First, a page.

Obviously the more difficult and abstract content also makes understanding and improving student learning challenging. For example, in a modern physics course students are first introduced to the concept of quantum uncertainty, which is very hard for even experts to understand. Not surprisingly, students struggle with the idea. They misinterpret the graphs, equations, and diagrams used to represent and make sense of that which one cannot know. We can get students to solve complicated mathematical problems and to even use terms like "probability density." However, when the context is changed even slightly from the one in which the students learned the material, PER shows that they will mistakenly see a graph of a wave function as a literal path of a particle through space. We expect our students to be adept at thinking about electrons moving as particles through a crystal and to think also about the quantum mechanical nature of band diagrams. However, careful observations of student learning suggest that students do not understand the various models for conductivity and that they are misinterpreting many of the representations in a way that interferes with their ability to make sense of even simple conduction problems.
The difficulties described above are compounded by the lack of opportunity, time, and context for students to make sense of critical ideas. Students are not given enough opportunity to build an understanding of why classical physics is not enough and of how the tools of quantum physics help to make sense of complicated phenomena. They are not given enough opportunity to resolve the difficulties that they invariably encounter when learning quantum physics or to recognize when different models of physical systems are relevant or valid.
Despite the challenges, it is of growing importance for engineering and science students to learn elementary quantum physics. Quantum technology is the technology of the present and of the future. Devices such as lasers and transistors, medical imaging devices such as MRI and PET, and the atomic clocks that make the Global Positioning System possible, all depend on the quantum nature of matter. Quantum physics will drive cutting-edge technology for decades to come. However, for most undergraduate science and engineering students, quantum physics as it is typically taught is a barrier to future work. Most quantum courses still focus on an axiomatic approach whose relevance to the real world is obscure and where little attention is paid to what or how students actually learn. The physics community needs to improve instruction in quantum physics and make the subject more accessible to larger numbers of students.
I am currently part of a team of physicists that is using physics education research as a guide to developing curriculum, software, and instructional strategies in modern physics / quantum mechanics.3 Based on our growing understanding of how students learn quantum ideas, there are several elements to our approach. Curriculum is based on systematic studies of the teaching and learning of the subject matter. Materials that enable students to work constructively in small groups have been developed. Instructional strategies employ advances in technology. And, in order to situate the learning in contexts that are more meaningful to the students, applications of quantum technology are integrated into the course. Our preliminary observations suggest that these strategies are leading to improved student learning and greater student retention. Details on the project as well as links to other resources on the teaching and learning of quantum physics are available on the project web site.4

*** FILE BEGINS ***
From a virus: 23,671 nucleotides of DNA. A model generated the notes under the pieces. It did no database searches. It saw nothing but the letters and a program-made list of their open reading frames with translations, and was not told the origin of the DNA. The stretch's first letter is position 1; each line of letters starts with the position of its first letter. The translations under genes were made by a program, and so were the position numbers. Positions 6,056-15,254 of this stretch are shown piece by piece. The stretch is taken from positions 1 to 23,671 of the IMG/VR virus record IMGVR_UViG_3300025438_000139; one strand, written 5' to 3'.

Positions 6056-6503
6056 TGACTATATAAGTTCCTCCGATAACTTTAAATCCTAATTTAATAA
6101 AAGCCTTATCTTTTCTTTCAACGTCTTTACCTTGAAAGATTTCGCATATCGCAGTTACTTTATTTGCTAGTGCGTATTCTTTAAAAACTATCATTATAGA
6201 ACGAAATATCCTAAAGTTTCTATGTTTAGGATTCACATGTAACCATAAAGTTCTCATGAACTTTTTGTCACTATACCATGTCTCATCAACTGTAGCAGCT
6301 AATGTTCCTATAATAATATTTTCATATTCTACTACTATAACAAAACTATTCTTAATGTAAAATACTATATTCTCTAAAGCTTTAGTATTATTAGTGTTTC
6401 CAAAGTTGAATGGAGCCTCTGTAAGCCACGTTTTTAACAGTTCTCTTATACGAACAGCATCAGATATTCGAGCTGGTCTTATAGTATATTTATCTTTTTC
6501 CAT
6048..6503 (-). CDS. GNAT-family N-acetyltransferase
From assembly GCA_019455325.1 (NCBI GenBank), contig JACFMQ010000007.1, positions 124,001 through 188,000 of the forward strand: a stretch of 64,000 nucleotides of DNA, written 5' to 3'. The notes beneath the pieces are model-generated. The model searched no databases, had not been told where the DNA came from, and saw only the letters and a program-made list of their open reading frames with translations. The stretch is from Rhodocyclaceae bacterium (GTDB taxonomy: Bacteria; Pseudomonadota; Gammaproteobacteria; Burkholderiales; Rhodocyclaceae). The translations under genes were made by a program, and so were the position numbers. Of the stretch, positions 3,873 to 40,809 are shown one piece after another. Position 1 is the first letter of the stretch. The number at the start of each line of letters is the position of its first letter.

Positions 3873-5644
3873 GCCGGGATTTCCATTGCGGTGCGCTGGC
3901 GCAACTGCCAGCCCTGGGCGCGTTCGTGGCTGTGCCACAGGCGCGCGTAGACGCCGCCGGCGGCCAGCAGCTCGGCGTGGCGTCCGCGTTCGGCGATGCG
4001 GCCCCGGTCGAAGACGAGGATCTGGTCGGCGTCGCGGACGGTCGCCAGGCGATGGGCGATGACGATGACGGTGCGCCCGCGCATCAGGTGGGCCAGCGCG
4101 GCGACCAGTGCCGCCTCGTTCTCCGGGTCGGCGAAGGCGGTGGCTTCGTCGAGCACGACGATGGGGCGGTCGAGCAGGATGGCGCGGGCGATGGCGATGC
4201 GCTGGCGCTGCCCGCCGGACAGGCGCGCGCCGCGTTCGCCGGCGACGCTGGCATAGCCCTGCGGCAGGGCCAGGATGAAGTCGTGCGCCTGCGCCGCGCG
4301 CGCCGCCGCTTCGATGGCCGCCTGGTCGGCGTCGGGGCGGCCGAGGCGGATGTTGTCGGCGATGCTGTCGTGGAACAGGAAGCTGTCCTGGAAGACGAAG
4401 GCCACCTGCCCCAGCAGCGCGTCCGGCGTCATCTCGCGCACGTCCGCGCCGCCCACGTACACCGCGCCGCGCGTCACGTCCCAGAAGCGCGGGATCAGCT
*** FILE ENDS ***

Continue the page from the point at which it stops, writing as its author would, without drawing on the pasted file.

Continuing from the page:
Richard N. Steinberg is an associate professor in the Departments of Education and Physics at The City College of New York.
Congressional Science Fellowships
The American Institute of Physics and the American Physical Society are accepting applications for their 2001-2002 Congressional Science Fellowship programs. Fellows serve one year on the staff of a Member of Congress or congressional committee, learning the legislative process while they lend scientific expertise to public policy issues. Qualifoications include a PhD or equivaletn reserch experience in physics or a clsely related field. Fellows are required to be U. S. citizens and , for the AiiP fellowship, members of one or more of the AIP Member Societies. A stipend of up to $49,000 is offered, in addition to allowances for relocation, in- service travel, and health insurance premiums.
Applications should consist of a letter of intent, a 2-page resume, and 3 letters of recommendation. Please see websites www.aip.org/pubinfo or www.aps.org/public_affairs/fellow.html for detailed information about applying. If qualified, applicants will be considered for both programs. All application materials must be postmarked by January 15, 2001 and sent to: APS/AIP Congressional Science Fellowship Programs, One Physics Ellipse, College Park, MD 20740-3843.
Why Teacher Preparation?
Diandra L. Leslie-Pelecky and Gayle A. Buck